the price of victory
By Diogenes ( articles ) | Aug 14, 2007
Here's the scenario:
A fire has somehow started in the bushes just outside your home. It's not a very big fire yet, but it's dangerous; if the flames jump over to the porch, your whole house could catch.
Fortunately the garden hose is just a few feet away. Turn it on, dowse the flames, and clean up. Easy.
But you don't like that garden hose. Never did like it. Been wanting to replace it for years. It's dirty now, after years of disuse, and if you pick it up you'll soil your hands. You refuse to use it-- even if it means jeopardizing your home.
Irrational, you say? Absurd? Then how about this:
Over on the Commonweal blog, Peggy Steinfels frets that "one can hardly say embryonic stem cell before someone starts quoting Humanae Vitae." Quoting Humanae Vitae is not a popular occupation among the Commonweal crowd. So Steinfels says: "I propose that those opposed to ESCR try some other opposing arguments." She offers several.
If Humanae Vitae is cited so often in this debate, it's for a reason. It's handy and it's effective, like that garden hose. Pope Paul outlined the relevant moral considerations long before anyone was thinking of stem-cell research, and his prescient encyclical exposed the moral defects in the arguments that now being used to justify embryo research. The fact that Humanae Vitae offers such excellent guidance on the question of embryonic stem-cell research is one more reason to recognize the persuasive force of this prophetic document. Even a hardened skeptic might find himself musing: If the traditional moral teaching of the Catholic Church is so very right when applied to embryo research, maybe it's worth taking another look at how that some teaching can be applied to conjugal love.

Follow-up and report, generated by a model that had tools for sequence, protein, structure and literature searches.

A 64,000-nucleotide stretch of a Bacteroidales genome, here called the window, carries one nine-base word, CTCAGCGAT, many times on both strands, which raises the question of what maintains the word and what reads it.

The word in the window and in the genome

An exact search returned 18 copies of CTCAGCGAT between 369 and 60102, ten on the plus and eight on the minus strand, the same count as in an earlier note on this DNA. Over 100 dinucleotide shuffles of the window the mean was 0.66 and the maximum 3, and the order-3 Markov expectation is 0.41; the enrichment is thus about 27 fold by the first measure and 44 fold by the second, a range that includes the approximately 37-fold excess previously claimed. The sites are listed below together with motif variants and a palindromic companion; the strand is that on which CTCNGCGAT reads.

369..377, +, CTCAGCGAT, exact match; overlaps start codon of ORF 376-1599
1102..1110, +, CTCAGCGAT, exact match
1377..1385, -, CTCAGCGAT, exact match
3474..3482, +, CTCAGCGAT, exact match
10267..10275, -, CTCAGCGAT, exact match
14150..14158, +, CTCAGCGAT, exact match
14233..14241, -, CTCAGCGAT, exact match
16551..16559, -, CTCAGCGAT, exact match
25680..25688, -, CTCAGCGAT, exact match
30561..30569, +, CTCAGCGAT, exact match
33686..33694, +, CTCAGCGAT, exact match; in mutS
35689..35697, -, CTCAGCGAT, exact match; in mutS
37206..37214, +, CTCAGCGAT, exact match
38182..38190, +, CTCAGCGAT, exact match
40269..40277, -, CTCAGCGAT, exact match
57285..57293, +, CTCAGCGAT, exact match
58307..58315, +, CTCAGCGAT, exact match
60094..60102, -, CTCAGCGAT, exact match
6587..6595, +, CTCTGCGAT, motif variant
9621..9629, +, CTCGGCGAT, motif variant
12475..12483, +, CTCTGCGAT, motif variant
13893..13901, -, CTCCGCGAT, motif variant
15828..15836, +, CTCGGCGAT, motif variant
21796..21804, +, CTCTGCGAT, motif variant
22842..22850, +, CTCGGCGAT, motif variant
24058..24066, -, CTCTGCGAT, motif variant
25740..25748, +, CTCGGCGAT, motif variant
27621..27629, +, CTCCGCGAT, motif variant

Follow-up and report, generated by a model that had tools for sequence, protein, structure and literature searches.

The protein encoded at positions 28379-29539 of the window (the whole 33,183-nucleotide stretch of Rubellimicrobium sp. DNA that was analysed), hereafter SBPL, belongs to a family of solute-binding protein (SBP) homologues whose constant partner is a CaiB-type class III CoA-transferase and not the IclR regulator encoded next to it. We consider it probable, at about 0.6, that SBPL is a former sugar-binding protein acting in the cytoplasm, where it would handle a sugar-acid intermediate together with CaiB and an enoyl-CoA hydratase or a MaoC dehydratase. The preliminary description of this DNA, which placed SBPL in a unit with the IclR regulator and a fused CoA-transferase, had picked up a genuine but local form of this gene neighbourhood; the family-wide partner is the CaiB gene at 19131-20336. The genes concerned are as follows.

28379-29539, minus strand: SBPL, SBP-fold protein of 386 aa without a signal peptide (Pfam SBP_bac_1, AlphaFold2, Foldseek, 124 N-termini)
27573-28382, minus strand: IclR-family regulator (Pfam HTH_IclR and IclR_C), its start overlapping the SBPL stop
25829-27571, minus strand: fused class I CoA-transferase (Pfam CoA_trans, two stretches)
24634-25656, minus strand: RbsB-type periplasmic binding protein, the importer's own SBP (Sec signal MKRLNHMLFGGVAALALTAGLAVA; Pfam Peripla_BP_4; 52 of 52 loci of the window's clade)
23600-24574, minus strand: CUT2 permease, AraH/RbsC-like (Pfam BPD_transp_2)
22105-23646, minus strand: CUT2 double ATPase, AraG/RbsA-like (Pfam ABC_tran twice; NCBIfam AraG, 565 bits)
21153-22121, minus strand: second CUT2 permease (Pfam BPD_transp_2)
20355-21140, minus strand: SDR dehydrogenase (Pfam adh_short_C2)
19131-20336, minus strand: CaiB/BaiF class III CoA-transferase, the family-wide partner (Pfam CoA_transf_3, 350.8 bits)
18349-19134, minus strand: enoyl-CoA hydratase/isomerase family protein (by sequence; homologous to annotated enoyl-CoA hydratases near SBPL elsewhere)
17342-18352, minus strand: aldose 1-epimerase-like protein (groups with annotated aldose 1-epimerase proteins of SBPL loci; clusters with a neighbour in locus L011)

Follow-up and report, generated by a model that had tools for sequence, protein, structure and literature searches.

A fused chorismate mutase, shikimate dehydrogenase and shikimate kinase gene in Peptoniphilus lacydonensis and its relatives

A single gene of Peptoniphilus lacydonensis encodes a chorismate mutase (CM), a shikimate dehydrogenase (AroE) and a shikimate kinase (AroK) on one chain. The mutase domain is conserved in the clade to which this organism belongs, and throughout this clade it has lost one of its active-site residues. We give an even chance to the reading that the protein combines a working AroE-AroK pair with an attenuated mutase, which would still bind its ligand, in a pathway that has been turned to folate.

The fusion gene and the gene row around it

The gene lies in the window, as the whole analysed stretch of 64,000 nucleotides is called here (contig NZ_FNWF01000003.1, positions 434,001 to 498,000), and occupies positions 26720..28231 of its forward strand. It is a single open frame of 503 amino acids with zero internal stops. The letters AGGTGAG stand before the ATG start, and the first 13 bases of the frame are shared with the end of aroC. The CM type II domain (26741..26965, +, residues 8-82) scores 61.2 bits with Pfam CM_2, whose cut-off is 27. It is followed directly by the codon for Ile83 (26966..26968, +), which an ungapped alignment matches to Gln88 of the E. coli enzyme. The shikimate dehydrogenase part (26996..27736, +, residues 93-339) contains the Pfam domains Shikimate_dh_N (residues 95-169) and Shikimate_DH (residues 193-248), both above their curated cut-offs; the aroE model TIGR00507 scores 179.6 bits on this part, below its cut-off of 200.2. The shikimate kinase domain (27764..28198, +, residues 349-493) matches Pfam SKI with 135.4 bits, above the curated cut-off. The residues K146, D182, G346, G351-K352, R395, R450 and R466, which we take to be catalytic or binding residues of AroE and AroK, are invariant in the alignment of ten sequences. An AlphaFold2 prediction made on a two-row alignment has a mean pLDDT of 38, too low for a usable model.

But don't make that argument around Peggy Steinfels. For some people-- e.g. for the editorial staff of certain Catholic magazines-- opposition to Humanae Vitae is so deeply entrenched that it is inconceivable (no pun intended) that anyone could find the encyclical persuasive. Steinfels assumes that invoking HV in a public debate would have the same effect as quoting Cromwell to an audience of Irish patriots; that's certainly the reaction you get from the Commonweal group. So she pleads:
Now remember: no references to HV! What we want are winning arguments.
But why are so many people referring to Humanae Vitae? Because it is a winning argument. It all depends, I suppose, what price you're willing to pay for victory.
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Posted by: v.nagle -
Jan. 26, 2010 5:00 AM ET USA
I am from Santa Rosa, and in 1981 was turned away by the vocations office because I was "incapable of obedience," due to my unwillingness to embrace the homosexual atmosphere at the seminary. I am now a missionary priest serving in Jerusalem. And love it. But am sorry for my home diocese. Of the team of six priests who brought me into the Church there during the 70's, only one is a priest still, with four of them having been accused. the lack of vocations is not amazing. Fr. V. Nagle
Posted by: Ben Dunlap -
Jan. 25, 2010 11:29 PM ET USA
Just a quibble: Ms. Fallandy is not the director of vocations. The actual director of vocations is not quoted at much length in the original article.
Posted by: Telengard -
Jan. 25, 2010 10:29 PM ET USA
...and why is she the 'director of vocations' anyway? Women religious are not diocesan... Must be an AmChurch diocese, or maybe Anglican...
Posted by: adamah -
Jan. 25, 2010 9:39 AM ET USA
I can't imagine why she isn't a magnet for vocations.